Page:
Double hand/arm transplant

http://news.bbc.co.uk/2/hi/health/2828947.stm

::boggle::

Just… ::boggle:: .

Wow! If this works out, think of the way this guy’s life will be changed. That’s amazing stuff indeed.

Kinda weird having someone else’s arms on your body, I suppose, but if it’s your one shot to get them back? Go for it!

It has interesting implications though.

He has new fingerprints. What does this do to IDs and police records?
Will he have two circular scars halfway up his forearms?
Do the skin colours match?
Can he feel with them?
Are the transplanted arms weaker than whole-from-birth arms?
Were the bones grafted together, or did they insert the transplant bones on the sockets of the man’s original elbows, or what?

::boggle::

FWIW, I don’t think Austria keeps fingerprints on record of all their citizens, unless they are convicted criminals.

Let’s not forget the chance that the arms come from an evil murderer. If movies haven’t lied to me, the arms may still carry the evil of the murderer in them. It’s even possible that they could overtake the mind of the guy and cause him to murder.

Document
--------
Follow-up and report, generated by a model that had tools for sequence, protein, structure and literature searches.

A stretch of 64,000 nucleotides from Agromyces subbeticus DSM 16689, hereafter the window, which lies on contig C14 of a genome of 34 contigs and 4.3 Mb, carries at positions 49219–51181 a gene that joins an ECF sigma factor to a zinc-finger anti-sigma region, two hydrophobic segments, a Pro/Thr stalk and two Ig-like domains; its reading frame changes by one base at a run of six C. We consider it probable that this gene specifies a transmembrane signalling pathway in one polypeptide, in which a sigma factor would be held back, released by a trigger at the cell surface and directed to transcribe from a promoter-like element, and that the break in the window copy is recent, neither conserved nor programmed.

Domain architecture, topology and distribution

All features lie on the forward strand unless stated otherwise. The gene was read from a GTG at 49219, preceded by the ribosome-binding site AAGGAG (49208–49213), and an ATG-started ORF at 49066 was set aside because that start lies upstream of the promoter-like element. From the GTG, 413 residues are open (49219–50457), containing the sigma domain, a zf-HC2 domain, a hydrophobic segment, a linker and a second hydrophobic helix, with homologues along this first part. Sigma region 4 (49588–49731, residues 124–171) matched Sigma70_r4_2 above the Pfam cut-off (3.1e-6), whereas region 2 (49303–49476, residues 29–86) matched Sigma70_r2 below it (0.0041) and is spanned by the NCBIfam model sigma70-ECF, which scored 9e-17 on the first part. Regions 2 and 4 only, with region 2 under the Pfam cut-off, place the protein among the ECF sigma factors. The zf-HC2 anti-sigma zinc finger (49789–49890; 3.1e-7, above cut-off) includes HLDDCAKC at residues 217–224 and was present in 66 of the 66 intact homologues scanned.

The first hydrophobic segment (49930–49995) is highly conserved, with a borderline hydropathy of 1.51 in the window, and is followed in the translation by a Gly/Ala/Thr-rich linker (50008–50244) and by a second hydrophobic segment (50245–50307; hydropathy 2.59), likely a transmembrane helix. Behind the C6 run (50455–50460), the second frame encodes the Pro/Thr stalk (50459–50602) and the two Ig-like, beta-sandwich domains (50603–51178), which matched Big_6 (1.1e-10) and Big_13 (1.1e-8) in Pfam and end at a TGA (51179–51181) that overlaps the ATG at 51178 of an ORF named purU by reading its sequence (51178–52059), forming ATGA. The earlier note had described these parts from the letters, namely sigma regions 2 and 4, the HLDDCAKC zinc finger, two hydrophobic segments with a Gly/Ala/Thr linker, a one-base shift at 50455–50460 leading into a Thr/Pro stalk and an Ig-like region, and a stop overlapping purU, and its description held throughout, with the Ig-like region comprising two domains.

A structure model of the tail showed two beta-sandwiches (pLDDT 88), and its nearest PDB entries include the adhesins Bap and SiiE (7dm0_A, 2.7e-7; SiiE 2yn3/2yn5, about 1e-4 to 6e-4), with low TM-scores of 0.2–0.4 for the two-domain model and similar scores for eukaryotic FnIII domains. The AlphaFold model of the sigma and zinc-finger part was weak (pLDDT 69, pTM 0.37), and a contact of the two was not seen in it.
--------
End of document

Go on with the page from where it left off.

Scary. :eek:

That should have said, “could have come from…”

If there isn’t some legal mechanism to officially change ownership of those biomarkers now, there will be shortly if they do more of these surgeries.

It also sort of begs the question about what do they do when fingerprints are requested/required of a man who has no hands… I would assume some alternative would be an acceptable means of identification

They may not be “circular”, but yes, there will be some sort of scarring marking where the new hands/forearms were attached. How the final scars will look will be affected by how the skin, muscle, and tendons are attached.

Wouldn’t have to, but since there has to be a fairly close match between the donor and recipient the odds are that the skin colors will be fairly close.

Judging from similar operations (both hand transplants and re-attachment of limbs) not at first, but over time some sensation will be gained. It will not, however, be as much as the man’s original hands had.

At first, certainly – there’s a lot of healing that has to happen first. Final results should follow what happens in limb re-attachment. Typically, there is less function in the limb, which tends to make it less strong muscle-wise, but results vary enormously from one person to another.

Most likely, the bones were grafted together mid-way down the main shaft, then secured with metal plates and screws. Over time, assuming rejection does not take place, the bones should fuse together. This is much simpler than trying to reconstruct a joint. A lot depends on where the man’s hands/forearms were originally amputated as well.